Cuprite is an oxide mineral composed of copper(I) oxide
Its dark crystals with red internal reflections are in the isometric system hexoctahedral class, appearing as cubic, octahedral, or dodecahedral forms, or in combinations. Penetration twins frequently occur. In spite of its nice color it is rarely used for jewelry of 3.5 to 4. It has a relatively high specific gravity of 6.1, imperfect cleavage and is brittle to conchoidal fracture. The luster is sub-metallic to brilliant adamantine. The "chalcotrichite" (from Ancient Greek variety typically shows greatly elongated (parallel to) capillary or needle like crystals forms.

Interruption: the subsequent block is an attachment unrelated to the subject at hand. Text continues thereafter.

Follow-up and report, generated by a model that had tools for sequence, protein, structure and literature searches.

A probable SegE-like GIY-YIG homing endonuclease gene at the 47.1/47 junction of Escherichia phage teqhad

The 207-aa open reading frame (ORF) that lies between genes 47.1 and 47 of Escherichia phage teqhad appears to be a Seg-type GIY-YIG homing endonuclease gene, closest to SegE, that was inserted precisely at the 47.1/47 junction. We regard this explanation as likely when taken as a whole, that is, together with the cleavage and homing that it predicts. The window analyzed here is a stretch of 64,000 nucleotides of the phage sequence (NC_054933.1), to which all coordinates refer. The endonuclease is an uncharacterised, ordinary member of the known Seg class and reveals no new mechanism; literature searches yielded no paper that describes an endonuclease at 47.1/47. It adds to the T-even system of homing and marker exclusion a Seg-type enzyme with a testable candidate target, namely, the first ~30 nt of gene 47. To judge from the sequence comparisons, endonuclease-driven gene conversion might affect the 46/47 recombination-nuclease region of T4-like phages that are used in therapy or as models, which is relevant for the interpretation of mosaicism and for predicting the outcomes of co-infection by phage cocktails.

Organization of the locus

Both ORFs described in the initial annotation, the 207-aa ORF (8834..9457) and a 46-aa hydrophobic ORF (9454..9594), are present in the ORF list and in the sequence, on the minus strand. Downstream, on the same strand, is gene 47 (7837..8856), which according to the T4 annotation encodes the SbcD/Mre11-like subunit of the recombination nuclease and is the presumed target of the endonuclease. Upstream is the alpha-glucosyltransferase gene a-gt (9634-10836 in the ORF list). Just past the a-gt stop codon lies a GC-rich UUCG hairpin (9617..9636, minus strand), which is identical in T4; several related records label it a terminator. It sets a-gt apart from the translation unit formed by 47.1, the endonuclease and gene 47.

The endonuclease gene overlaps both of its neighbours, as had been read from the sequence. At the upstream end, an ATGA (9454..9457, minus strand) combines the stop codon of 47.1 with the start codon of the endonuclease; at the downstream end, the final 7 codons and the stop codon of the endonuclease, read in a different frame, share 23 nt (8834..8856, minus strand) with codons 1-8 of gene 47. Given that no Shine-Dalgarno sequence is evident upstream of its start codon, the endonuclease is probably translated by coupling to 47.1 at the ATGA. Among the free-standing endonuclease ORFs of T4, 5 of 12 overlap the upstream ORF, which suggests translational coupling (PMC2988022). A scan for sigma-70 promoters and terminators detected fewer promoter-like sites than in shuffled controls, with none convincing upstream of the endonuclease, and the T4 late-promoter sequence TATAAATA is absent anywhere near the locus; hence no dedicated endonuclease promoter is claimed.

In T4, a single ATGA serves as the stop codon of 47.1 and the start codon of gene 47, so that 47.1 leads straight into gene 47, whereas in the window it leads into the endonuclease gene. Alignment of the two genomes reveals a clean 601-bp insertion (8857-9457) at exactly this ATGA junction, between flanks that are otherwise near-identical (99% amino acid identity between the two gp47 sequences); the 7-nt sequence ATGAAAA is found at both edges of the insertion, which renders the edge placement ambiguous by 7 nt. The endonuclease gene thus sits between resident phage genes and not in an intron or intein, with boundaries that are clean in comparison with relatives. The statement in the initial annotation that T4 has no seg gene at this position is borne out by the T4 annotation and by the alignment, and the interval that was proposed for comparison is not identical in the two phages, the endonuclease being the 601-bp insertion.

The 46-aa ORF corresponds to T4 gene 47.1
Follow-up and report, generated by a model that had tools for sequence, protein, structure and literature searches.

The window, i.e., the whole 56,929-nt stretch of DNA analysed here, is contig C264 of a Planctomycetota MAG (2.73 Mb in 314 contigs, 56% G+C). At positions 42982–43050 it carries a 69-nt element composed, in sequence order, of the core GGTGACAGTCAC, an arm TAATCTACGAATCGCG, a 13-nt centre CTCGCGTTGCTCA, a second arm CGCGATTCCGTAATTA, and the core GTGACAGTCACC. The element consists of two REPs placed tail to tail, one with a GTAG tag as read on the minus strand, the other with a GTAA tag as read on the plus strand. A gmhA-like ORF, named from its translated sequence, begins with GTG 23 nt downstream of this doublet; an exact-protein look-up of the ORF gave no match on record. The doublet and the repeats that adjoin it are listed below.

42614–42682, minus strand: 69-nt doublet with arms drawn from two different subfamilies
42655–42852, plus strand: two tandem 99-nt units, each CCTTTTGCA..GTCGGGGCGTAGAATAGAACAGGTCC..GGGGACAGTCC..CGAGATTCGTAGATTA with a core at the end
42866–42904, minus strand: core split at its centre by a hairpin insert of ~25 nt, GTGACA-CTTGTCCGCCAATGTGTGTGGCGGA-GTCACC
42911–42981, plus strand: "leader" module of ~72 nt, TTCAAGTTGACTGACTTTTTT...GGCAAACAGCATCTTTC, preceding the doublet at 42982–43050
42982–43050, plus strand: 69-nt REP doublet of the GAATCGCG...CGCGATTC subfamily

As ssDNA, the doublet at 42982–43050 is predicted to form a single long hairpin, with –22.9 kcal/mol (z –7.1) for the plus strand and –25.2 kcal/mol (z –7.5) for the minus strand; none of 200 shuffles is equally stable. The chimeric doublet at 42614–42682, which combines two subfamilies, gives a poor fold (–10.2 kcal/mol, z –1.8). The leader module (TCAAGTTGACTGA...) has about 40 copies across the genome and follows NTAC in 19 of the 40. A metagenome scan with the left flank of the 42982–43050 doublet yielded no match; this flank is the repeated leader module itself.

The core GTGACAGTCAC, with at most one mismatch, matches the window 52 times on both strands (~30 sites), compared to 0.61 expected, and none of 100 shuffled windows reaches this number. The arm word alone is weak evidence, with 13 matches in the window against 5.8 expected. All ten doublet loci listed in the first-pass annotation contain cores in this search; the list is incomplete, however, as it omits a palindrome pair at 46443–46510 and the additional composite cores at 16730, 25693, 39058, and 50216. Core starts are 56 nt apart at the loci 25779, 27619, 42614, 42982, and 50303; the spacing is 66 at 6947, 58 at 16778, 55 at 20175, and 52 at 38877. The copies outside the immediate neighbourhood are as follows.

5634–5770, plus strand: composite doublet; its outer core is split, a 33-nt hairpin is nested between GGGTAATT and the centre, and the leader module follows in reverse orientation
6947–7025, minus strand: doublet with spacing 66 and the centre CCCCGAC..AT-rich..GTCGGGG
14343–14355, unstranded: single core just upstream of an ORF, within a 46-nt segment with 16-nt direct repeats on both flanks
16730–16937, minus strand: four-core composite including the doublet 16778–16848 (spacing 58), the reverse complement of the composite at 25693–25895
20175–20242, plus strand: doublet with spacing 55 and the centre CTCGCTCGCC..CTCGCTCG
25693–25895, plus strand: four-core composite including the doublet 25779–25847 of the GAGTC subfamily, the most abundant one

It is a secondary mineral which forms in the oxidized zone of copper sulfide deposits. It frequently occurs in association with native copper, malachite minerals. It is known as ruby copper due to its distinctive red color.
Cuprite was first described by Wilhelm Karl Ritter von Haidinger in 1845 and the name derives from the Latin
Cuprite is found in the Ural Mountains , Altai Mountains, and in more isolated locations in Cornwall , Chile